Contact: Rev. Ken Glasgow 334-791-2433
Gabriel Sayegh 646-335-2264
September 12, 2008
Advocates Launch Historic Drive to Register Eligible Alabama Voters, Including Those Convicted of Felony Drug Possession
Families, Formerly Incarcerated People, Religious Leaders, Treatment and Sentencing Experts Declare: Don’t Criminalize People with Drug Problems, Provide Treatment and Restoration
Voter Drive to Include Town Hall Events In Five Cities Across Alabama:
“Voter Disfranchisement and The War On Drugs:
What’s Civil Right’s Got to Do With It?”
In Alabama, nearly 250,000 people have been stripped their voting rights due to a felony conviction. But in a 2006 court ruling in Alabama, a judge found that only those persons convicted of felonies of “moral turpitude” lose their right to vote. The judge found that certain felonies—such as drug possession—do not constitute crimes of moral turpitude, and therefore individuals convicted of those crimes do not lose their right to vote, even during incarceration.
Alabama-based The Ordinary People’s Society and their national partner the Drug Policy Alliance estimate that over 50,000 people convicted of non-moral turpitude felonies in Alabama have been wrongly denied their right to vote, or believe they do not have that right due to a conviction. An additional 6 – 7,000 more people currently incarcerated in Alabama state prisons may also be eligible to vote.
Join Dothan-based The Ordinary People’s Society and their national partner the Drug Policy Alliance on their statewide tour to discuss Alabama’s drug war and its impact on democracy.
What: “Voter Disfranchisement and the War On Drugs: What’s Civil Right’s Got to Do With It?”
When: 9/15 – 9/19. Each event begins at 6 p.m .
Where: 9/15 in Huntsville; 9/16 in Birmingham; 9/17 in Mobile; 9/18 in Dothan; 9/19 in Montgomery. Each event begins at 6 p.m. Call for event locations.
Who: Rev. Kenneth Glasgow. Founder and Executive Director, The Ordinary People’s Society (TOPS). (Dothan, AL)
Daris Johnson. Director, TOPS Young People’s Project. (Enterprise, AL)
Gabriel Sayegh. Director, Organizing and Policy Project, Drug Policy Alliance (New York, NY)
Alabama is facing a crisis. The state has the 6th highest rate of incarceration in the U.S. A prison system designed for 12,500 people now holds nearly 30,000. As a result of the drug war, non-violent drug offenses make up approximately 30% of all felony convictions in Alabama, and people convicted of non-violent drug and property offenses comprise nearly half of the state’s prison population. Nearly 50% of prisoners are serving prison time for a drug related crime. And over 250,000 people are barred from voting due to felony disfranchisement laws. A recent court ruling, however, found that people convicted of drug possession, among other offenses, do not lose their right to vote. This change could have an impact on nearly 70,000 Alabamians, including nearly 10,000 currently incarcerated in state prisons.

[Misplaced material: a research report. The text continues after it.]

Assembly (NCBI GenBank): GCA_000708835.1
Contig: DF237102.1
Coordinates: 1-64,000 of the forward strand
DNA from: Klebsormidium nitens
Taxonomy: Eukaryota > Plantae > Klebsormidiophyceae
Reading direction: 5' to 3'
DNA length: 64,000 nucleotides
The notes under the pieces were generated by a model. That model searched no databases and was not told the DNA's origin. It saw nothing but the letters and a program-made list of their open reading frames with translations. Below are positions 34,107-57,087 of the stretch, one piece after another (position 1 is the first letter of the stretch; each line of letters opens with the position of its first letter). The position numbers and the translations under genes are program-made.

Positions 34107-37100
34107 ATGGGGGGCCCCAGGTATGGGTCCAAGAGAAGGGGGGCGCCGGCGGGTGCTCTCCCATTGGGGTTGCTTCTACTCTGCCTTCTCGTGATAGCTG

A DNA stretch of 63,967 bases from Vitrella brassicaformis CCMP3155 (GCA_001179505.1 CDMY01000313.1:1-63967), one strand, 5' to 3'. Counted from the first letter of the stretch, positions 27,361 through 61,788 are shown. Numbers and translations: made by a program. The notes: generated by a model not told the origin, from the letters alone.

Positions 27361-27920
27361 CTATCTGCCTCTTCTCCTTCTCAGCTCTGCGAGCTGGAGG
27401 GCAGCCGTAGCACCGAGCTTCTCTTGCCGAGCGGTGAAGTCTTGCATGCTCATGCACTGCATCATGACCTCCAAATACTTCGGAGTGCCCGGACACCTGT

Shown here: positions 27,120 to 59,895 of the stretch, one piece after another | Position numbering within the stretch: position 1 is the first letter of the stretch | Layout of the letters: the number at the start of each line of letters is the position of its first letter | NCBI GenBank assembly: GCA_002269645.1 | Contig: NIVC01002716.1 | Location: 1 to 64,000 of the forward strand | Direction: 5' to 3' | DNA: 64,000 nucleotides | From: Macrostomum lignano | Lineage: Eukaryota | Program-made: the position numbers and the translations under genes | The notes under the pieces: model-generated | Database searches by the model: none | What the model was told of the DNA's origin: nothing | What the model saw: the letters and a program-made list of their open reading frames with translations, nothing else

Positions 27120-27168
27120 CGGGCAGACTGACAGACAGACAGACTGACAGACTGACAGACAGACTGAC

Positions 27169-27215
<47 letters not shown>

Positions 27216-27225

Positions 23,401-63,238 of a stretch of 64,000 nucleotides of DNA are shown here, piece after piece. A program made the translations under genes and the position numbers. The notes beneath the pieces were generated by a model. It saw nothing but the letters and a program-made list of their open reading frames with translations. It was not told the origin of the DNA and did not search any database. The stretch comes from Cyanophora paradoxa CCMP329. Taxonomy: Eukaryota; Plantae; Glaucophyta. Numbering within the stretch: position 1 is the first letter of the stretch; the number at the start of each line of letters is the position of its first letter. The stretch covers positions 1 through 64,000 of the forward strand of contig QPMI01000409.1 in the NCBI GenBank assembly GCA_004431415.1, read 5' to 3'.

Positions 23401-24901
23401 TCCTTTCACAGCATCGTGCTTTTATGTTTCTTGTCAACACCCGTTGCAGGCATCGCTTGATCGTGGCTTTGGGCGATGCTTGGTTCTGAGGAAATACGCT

While drug use is equal across all racial groups, Black people are incarcerated for drug crimes at higher rates than whites. Blacks make up only 26% of Alabama’s population, but are nearly 60% of the prison population. And nearly every For every white person in an Alabama jail, there are about 4 Black people.
Alabama is spending millions to incarcerated people when treatment is more effective and far cheaper. The average cost to keep a person in prison in Alabama is almost $13,000 per year. The average cost of a full treatment program per client is approximately $4,300. Over time, the savings from treatment are significant: Studies by the RAND Corporation have show that every additional dollar invested in substance abuse treatment saves taxpayers $7.46 in societal costs.
“We’ve got to start restoring people’s lives, by providing treatment, by restoring the right to vote,” said Reverend Kenneth Glasgow, Executive Director of The Ordinary People’s Society and state coordinator of the New Bottom Line Campaign. “When a person get’s a felony conviction, they can lose more than their voting rights, they can lose public assistance, public housing, financial aid for school. The drug war became a war on people and we spend more on incarceration than on treatment. Why do we spend more on producing criminals than producing citizens? We need a new bottom line.”
In 2005, according to the Office of Applied Studies, Substance Abuse and Mental Health
Services, the substance abuse statistics for the state of Alabama stated:
• 246,000 people had alcohol dependency
• Total admissions for alcohol rehabilitation and treatment was 2,427
• Less than 1% (actually.009%) of Alabamians received treatment for alcohol
Other Drug Abuse
• 113,000 people had drug dependency other than alcohol
• Total admissions for drug rehabilitation and treatment was 12,645
• 11% of those needing treatment were provided with treatment